Following an hours long debate, Metro Council approved a budget that will not raise property taxes increase but will keep Metro employees from receiving a pay raise.
Vice Mayor Sheri Weiner cast the deciding 20-19 vote to reject a budget proposal that would have increased Davidson County property taxes by 16 percent. The budget, proposed by At-Large Councilman Bob Mendes, would have allocated millions of dollars in tax revenue to cost-of-living increases for Metro employees.
The council ultimately passed 34-4 a budget presented by Councilwoman Tanaka Vercher that reallocate $2 million in funding for public schools. Vercher's budget does not include a pay raise for Metro employees.
The council had to approve one of the two substitute budgets prior to July 1 or Mayor David Briley's proposed budget would have taken effect. Briley, whose plan included the sell of East Nashville's Edgehill Park to held fund the budget, voiced his opposition to a property tax increase.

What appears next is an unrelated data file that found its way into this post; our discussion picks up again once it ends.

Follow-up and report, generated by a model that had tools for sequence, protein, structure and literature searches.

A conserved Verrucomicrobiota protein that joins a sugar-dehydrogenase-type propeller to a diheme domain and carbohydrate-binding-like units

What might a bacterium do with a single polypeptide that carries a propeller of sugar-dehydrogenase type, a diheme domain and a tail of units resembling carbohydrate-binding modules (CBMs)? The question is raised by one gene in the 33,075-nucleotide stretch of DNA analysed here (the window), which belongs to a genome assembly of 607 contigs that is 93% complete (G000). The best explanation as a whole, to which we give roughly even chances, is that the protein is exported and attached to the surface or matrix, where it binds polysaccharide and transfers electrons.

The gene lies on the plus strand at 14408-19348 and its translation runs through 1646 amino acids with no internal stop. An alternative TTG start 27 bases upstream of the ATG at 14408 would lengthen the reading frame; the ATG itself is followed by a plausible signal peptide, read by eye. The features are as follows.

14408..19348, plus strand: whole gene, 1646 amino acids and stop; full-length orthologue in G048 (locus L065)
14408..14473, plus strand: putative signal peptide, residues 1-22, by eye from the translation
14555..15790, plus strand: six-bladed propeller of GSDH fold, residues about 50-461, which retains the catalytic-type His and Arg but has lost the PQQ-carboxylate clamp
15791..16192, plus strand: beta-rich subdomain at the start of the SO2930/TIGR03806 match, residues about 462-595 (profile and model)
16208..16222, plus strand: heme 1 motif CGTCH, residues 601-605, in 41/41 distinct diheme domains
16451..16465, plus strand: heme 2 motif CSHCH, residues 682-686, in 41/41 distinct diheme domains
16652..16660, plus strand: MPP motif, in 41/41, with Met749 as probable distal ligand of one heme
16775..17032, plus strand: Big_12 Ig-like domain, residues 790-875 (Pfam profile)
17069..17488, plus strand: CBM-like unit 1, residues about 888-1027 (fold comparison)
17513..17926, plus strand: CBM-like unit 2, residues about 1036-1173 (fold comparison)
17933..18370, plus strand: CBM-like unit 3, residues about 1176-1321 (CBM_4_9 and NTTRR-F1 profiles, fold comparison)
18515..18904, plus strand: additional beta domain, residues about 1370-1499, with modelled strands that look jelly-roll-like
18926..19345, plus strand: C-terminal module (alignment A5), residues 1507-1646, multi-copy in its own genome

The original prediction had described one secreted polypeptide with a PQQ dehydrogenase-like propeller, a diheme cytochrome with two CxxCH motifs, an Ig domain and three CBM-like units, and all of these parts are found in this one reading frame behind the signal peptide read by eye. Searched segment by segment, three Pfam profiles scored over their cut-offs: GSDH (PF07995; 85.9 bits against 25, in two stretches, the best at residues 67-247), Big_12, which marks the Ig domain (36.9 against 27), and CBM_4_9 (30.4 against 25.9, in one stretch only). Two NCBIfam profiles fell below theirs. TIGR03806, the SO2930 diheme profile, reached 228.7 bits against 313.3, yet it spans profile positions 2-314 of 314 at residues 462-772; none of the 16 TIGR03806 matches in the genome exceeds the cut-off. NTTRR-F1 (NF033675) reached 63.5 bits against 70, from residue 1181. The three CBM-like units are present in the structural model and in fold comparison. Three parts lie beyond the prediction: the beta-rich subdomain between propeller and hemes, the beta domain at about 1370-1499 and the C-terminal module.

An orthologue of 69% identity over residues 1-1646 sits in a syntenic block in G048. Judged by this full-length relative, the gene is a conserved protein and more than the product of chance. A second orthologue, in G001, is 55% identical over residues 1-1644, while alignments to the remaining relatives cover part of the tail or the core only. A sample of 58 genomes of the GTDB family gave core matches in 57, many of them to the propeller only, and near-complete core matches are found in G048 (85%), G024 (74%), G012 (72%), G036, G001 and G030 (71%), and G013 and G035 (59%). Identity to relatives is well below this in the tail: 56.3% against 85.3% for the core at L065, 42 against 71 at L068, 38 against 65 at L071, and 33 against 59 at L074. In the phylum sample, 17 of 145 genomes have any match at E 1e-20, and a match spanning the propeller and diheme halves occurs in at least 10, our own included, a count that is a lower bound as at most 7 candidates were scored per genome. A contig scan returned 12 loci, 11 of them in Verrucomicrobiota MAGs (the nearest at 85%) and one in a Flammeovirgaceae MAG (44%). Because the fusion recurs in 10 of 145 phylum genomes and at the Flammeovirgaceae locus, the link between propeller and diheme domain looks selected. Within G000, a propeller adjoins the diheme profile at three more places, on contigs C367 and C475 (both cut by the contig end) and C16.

Mayor Briley released the following statement to the council early Wednesday morning:
"I thank the Council for their work to pass a budget that funds our city’s operations for the next fiscal year. I know that reaching consensus tonight was hard. The circumstances we faced meant tough choices, but the fundamentals of the city’s finances remain strong, and I am very pleased that this status quo budget does not increase property taxes.
My message has been clear from the start. It is just not the right time to impose a property tax increase on our citizens, particularly the lower-income residents who saw large increases in last year’s reappraisal. In the morning we will roll up our sleeves and work together to move our great city forward."
The council, which meets on the first and third Tuesday of each month in the David Scobey Council Chambers at the Metro Courthouse, will also meet Tuesday, June 11. The courthouse is located at 1 Public Square in Nashville.